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Haynes Project 50: 1965 Mustang Restoration - Part 3

Removing shackles and leaf springs

The crew in the Haynes shop did something a little differently for the 50th anniversary of the company, buying a first generation Ford Mustang convertible and restoring it to showroom condition. This was Haynes Project 50, and if you were lucky enough to be at the 2011 AAPEX trade show in Las Vegas, you might have seen it in person, before it was shipped off to the Haynes Museum in the UK.

If you have been following along, in part one of Project 50 we took delivery of our barn fresh old eBay score, the 1965 Ford Mustang convertible, assessed how much work was needed, and pulled out the engine and transmission for rebuilding. In part two we began to clean out the detritus and dead things from the interior, and remove the trim and some exterior panels to fix rust, dents and dings. 

Now here in part three, we are going to continue with disassembling the drivetrain and suspension under the car so we can bring it back to factory fresh specs. Then we're going to show you how we organize all the parts, for a regular teardown or this restoration, to make putting it all back together easier.

Removing Front and Rear Suspension and Brakes

We left the suspension and wheels on the Mustang for as long as possible because, even without a motor in it, they make it easier to move the car around at the shop. But now that the drivetrain, interior and most of the exterior had come off, it was time to remove the differential, springs, and front suspension arms so they could be refurbished.Everything will have 40 years of rust and crude media blasted off of it, before being rebuilt, repainted, and reassembled.

Our project car had four mismatched tires on it, two different styles of wheel, and four different shock absorbers, and if you are shopping for a project car those are good indicators that there are lots of other issues as well. Our plan, to improve the drivability as well as the originality, was to replace all the springs with new units with the correct ride height and spring rate. Of course, we were also going to replace all the crumbling rock hard rubber bushings too.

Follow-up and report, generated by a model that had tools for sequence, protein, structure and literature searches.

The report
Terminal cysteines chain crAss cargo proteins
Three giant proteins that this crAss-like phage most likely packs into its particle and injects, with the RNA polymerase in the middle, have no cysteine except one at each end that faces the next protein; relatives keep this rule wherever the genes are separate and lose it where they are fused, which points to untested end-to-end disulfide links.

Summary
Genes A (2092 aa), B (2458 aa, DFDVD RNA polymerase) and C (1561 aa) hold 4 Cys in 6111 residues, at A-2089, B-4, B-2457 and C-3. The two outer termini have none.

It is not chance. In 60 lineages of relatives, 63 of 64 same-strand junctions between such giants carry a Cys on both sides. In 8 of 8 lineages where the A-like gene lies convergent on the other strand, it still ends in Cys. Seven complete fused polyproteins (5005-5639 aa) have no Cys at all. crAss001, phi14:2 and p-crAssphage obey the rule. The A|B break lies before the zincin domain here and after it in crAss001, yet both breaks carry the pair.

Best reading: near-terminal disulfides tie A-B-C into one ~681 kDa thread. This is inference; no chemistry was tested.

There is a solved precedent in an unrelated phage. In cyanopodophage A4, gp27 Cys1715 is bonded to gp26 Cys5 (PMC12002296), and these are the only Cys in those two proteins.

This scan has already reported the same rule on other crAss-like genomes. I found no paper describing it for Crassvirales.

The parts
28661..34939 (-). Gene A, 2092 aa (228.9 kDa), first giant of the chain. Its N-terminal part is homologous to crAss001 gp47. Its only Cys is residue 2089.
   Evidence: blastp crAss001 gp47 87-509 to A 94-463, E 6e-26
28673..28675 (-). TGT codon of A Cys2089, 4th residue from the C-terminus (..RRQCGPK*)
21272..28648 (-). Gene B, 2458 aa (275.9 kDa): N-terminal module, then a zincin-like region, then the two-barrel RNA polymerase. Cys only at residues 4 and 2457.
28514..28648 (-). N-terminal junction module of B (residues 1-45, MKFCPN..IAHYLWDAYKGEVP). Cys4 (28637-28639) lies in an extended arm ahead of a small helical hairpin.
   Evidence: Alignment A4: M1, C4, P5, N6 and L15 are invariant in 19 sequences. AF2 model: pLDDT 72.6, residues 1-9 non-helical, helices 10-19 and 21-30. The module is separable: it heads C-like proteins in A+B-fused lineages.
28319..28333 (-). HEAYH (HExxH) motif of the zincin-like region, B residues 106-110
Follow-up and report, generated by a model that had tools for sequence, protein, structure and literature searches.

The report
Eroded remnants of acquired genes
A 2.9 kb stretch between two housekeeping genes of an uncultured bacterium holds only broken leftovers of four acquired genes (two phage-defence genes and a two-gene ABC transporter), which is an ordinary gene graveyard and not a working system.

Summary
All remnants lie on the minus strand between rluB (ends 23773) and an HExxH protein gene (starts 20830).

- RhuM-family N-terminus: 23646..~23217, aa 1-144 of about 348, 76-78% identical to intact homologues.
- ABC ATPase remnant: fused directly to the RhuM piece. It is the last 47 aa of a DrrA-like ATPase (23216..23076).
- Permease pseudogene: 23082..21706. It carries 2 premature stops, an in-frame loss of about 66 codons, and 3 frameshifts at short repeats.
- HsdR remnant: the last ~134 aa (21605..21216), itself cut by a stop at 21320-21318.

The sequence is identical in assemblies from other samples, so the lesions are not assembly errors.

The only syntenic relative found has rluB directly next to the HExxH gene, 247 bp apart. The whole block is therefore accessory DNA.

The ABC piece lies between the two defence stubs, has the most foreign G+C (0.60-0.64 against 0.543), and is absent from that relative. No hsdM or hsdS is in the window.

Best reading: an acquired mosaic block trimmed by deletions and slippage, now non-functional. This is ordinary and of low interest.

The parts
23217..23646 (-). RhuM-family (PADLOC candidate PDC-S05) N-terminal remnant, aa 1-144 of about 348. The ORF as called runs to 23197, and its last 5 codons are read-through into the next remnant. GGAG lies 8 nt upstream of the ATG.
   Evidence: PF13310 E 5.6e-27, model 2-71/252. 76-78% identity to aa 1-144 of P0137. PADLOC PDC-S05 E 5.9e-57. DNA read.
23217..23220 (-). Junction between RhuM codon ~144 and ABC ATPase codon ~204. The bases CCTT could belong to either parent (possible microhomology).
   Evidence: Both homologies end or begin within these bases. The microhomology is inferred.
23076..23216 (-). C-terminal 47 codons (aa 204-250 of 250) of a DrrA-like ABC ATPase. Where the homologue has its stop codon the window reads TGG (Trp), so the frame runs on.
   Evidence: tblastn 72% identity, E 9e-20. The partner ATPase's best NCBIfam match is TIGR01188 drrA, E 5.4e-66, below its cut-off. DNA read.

The original Ford nine inch rear end is known for rugged durability. Looking inside the stock 1965 unit that came with our Mustang revealed the ring and pinion was still like new, and the engagement pattern was perfect. We decided to replace the wheel bearings, but leave the inner carrier and pinion bearings alone for another 40 years.

removing Mustang front suspension

Keeping It All Organized

One of the biggest pitfalls that slow down or even derail a project like this Mustang restoration is misplacing some part or parts that are not easily replaced. You will save a ton of time and a good deal of money if you keep everything organized as you take your project vehicle apart. Being well organized means knowing exactly what needs to be replaced early on in the project, and it also means putting it all back together is going to be a breeze.

Since the Haynes shop tears quite a few cars apart every year, we have a very good system for organizing the pieces. It starts with tape, Post-it Notes, and a marker, and includes various size plastic bags, boxes, plastic bins, and multi-drawer hardware organizers from the home improvement stores. Group things together by where on the car they came from and what system they go to, for instance all the front suspension parts and hardware are stored together, even though we may replace the nuts and bolts later.

Now that everything is apart and organized we really know how much work we have in front of us; as Winston Churchill said, it is merely the end of the beginning. The next phase of the project is to send all the parts out to be media blasted (we just don't have the proper set up in our shop to try doing it ourselves on the whole body) and start the body work. Then we will also tear down the motor and see just how much work needs to be done inside to make it roar once more.

Check back with us next week to see part 3 of Project 50.